New Year Brings New Group Health Plan Guidance

Legal Alert

With a new year comes new requirements for group health plans (GHPs) and insurers, and this legal update summarizes two new developments with immediate compliance implications. First, the tri-agencies (DOL, CMS, and Treasury) issued new FAQs on required GHP coverage of over-the-counter (OTC) COVID-19 tests and other preventive services, and the Centers for Medicare & Medicaid Services released related guidance on how individuals may obtain free tests. Second, the DOL issued guidance on the new disclosure rule for brokers and consultants who provide services to ERISA GHPs.

Required Coverage for Diagnostic OTC COVID-19 Tests

Effective for eligible OTC COVID-19 tests (Tests) purchased on or after January 15, 2022, GHPs and insurers must generally cover diagnostic Tests as preventive care without any cost-sharing (such as copays, deductibles, or coinsurance), and without requiring a prescription or assessment from a health care provider. Coverage is not required for employer-mandated or surveillance Tests. GHPs can only impose limits on the number of covered Tests per month and set maximum out-of-network reimbursement rates if the conditions of the safe harbor are met.

The Safe Harbor Rule

Under the safe harbor, a GHP may limit the number of covered Tests to eight per month per enrolled individual and set a maximum reimbursement rate for Tests acquired out-of-network at the lesser of $12 or the actual price. The safe harbor is intended facilitate consumer access and provide for a seamless experience in obtaining free Tests.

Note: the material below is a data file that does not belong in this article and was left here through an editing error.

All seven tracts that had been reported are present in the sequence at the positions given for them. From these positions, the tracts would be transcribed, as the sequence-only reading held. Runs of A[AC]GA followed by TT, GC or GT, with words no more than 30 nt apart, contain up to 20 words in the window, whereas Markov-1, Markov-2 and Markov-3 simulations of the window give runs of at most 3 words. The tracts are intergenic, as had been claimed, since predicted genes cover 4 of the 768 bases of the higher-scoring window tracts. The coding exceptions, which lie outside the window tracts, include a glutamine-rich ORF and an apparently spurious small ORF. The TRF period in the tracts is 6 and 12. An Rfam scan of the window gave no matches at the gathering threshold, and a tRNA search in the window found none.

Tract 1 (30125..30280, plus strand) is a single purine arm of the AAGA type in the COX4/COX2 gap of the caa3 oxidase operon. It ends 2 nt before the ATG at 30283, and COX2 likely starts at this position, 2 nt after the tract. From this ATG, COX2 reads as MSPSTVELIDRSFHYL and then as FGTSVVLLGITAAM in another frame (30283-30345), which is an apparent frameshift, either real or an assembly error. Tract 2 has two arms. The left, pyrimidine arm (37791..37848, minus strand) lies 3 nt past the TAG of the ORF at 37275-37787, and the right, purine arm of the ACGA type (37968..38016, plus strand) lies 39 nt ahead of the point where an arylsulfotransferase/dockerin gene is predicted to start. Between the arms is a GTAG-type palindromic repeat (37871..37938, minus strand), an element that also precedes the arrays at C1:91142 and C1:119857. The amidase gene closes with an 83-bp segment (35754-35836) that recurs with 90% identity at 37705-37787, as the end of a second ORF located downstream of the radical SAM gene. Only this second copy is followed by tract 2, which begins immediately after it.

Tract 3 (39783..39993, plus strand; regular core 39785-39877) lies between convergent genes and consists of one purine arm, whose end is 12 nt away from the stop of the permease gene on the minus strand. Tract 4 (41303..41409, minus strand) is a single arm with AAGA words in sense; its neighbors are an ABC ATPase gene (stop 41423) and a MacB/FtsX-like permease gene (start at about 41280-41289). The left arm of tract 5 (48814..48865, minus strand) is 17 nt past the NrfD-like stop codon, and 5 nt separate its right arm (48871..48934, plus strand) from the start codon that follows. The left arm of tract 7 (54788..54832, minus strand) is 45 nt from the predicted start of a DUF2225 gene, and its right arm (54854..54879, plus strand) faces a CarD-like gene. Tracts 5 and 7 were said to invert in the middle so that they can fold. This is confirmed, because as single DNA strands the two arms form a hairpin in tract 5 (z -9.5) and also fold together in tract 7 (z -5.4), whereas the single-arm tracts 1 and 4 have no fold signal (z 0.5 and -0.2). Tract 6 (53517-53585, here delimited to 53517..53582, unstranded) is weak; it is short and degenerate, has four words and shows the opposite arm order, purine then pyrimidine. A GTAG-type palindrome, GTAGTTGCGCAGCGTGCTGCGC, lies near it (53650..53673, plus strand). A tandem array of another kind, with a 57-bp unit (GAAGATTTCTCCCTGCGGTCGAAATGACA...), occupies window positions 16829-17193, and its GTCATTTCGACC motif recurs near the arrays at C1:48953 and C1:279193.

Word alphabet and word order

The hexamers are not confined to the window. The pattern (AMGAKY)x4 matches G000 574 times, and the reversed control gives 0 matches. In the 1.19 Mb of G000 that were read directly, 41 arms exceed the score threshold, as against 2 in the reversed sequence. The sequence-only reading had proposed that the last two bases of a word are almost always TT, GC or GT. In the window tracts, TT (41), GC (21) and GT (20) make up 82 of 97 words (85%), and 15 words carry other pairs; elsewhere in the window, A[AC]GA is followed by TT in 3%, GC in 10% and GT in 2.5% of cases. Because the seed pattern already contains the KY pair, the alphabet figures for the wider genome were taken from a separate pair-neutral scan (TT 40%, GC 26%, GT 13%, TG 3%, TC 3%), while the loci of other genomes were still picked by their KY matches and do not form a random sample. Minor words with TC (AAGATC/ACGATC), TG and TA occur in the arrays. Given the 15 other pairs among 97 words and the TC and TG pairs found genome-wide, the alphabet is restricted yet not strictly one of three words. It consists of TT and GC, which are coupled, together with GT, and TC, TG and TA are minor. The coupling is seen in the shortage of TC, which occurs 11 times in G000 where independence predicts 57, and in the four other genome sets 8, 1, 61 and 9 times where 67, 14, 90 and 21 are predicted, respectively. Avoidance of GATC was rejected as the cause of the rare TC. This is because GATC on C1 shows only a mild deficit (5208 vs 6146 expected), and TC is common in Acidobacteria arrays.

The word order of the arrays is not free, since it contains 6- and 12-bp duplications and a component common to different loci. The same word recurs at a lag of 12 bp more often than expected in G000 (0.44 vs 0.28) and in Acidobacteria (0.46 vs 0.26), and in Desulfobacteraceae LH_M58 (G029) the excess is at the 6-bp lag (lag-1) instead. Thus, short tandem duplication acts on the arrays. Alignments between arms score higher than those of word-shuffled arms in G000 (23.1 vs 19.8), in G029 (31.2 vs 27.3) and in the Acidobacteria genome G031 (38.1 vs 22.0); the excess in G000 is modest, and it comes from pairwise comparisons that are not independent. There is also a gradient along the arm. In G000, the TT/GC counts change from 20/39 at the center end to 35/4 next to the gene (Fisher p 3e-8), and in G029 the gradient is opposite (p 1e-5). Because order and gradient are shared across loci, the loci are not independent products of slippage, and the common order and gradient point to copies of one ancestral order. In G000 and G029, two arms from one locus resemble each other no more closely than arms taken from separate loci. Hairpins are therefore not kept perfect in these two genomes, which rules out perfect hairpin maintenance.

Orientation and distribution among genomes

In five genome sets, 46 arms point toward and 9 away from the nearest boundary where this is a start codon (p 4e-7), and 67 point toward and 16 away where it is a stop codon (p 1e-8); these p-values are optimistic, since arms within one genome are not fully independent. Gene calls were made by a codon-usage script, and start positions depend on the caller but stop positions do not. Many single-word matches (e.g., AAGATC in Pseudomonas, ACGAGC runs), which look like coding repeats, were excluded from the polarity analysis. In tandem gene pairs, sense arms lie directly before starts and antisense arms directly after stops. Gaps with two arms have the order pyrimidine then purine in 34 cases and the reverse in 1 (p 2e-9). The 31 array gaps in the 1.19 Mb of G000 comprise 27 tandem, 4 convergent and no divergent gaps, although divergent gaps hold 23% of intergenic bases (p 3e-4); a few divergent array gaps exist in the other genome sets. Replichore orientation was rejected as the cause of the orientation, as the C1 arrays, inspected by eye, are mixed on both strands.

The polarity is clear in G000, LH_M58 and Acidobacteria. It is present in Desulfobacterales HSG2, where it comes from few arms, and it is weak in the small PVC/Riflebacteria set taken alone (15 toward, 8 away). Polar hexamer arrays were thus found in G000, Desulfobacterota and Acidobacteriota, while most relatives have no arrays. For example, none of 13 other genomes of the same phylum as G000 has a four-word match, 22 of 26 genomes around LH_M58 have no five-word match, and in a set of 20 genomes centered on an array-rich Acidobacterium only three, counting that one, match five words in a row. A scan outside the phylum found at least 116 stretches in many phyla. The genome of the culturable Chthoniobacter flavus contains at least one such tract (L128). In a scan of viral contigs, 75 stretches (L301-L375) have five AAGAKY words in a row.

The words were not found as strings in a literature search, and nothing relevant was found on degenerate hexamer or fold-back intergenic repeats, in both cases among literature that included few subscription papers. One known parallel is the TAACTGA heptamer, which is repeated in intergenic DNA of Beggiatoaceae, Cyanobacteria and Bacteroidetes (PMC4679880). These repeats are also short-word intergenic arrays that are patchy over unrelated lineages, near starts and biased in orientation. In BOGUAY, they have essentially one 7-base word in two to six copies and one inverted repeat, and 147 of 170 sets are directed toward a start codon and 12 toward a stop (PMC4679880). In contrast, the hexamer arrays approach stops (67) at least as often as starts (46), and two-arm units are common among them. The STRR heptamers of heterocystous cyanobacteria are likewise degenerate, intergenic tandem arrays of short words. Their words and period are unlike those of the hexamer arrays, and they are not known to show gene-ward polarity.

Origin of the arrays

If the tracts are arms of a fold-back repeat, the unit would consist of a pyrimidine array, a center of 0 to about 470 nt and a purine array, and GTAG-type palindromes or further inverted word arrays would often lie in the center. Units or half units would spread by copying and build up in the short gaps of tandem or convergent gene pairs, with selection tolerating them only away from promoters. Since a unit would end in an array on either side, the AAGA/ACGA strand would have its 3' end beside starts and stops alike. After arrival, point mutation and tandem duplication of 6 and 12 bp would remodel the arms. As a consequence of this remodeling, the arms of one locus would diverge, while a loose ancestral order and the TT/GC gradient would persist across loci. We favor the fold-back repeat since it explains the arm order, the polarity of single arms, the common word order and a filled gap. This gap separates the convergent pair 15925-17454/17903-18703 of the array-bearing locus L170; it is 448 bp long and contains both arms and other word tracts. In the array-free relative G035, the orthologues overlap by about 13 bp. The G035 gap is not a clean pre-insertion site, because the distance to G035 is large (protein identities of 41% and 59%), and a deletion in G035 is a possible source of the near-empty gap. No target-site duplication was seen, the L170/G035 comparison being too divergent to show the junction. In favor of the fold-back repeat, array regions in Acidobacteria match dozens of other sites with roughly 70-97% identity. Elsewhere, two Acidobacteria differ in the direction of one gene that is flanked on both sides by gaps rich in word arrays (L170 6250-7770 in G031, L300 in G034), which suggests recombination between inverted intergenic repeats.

To meet the safe harbor, a GHP must provide direct coverage of Tests where a covered individual is not required to seek reimbursement post-purchase; instead, the GHP must arrange for the Tests to be provided directly by preferred pharmacies or retailers (including direct shipping programs) with no up-front expenditures, prior authorizations, or other medical management requirements.

If a GHP does not meet the safe harbor, it cannot limit the number of covered Tests per month or set a maximum reimbursement rate. The safe harbor rule does not apply to COVID-19 tests ordered or prescribed by a medical provider, even if OTC.

Preventing Fraud and Abuse

A GHP may require participants to provide reasonable documentation of proof of purchase of the Test when submitting a claim for reimbursement (such as a copy of the UPC code and/or a receipt showing the price and date of purchase), along with an attestation that the purchase was for the individual’s personal use.

Required Coverage for Follow-Up Colonoscopies

For plan or policy years starting on or after May 31, 2022 (the 2023 Plan Year for calendar year plans/policies), GHPs must cover follow-up colonoscopies that are conducted after a positive non-invasive stool-based screening test or abnormal results of direct visualization screening as preventative care without any cost-sharing.

Guidance on Required Contraceptive Services

Due to numerous complaints that GHP participants are being denied legally required contraceptive coverage, the FAQs reiterate the requirement that a non-exempt GHP must provide coverage for all Federal Drug Administration (FDA) approved contraceptive products for women, even if not listed in the current FDA Birth Control Guide (some newer products are not in this guide), as long as the individual and the individual’s attending provider determine that a particular service or FDA-approved, cleared, or granted contraceptive product is medically appropriate. The FAQs cite examples of medical management and other activities that violate this requirement, including denying coverage for all or particular brand-name contraceptives, requiring fail-first of other services or contraceptives, or failing to provide an easily accessible, transparent, and expeditious exception process that is not unduly burdensome.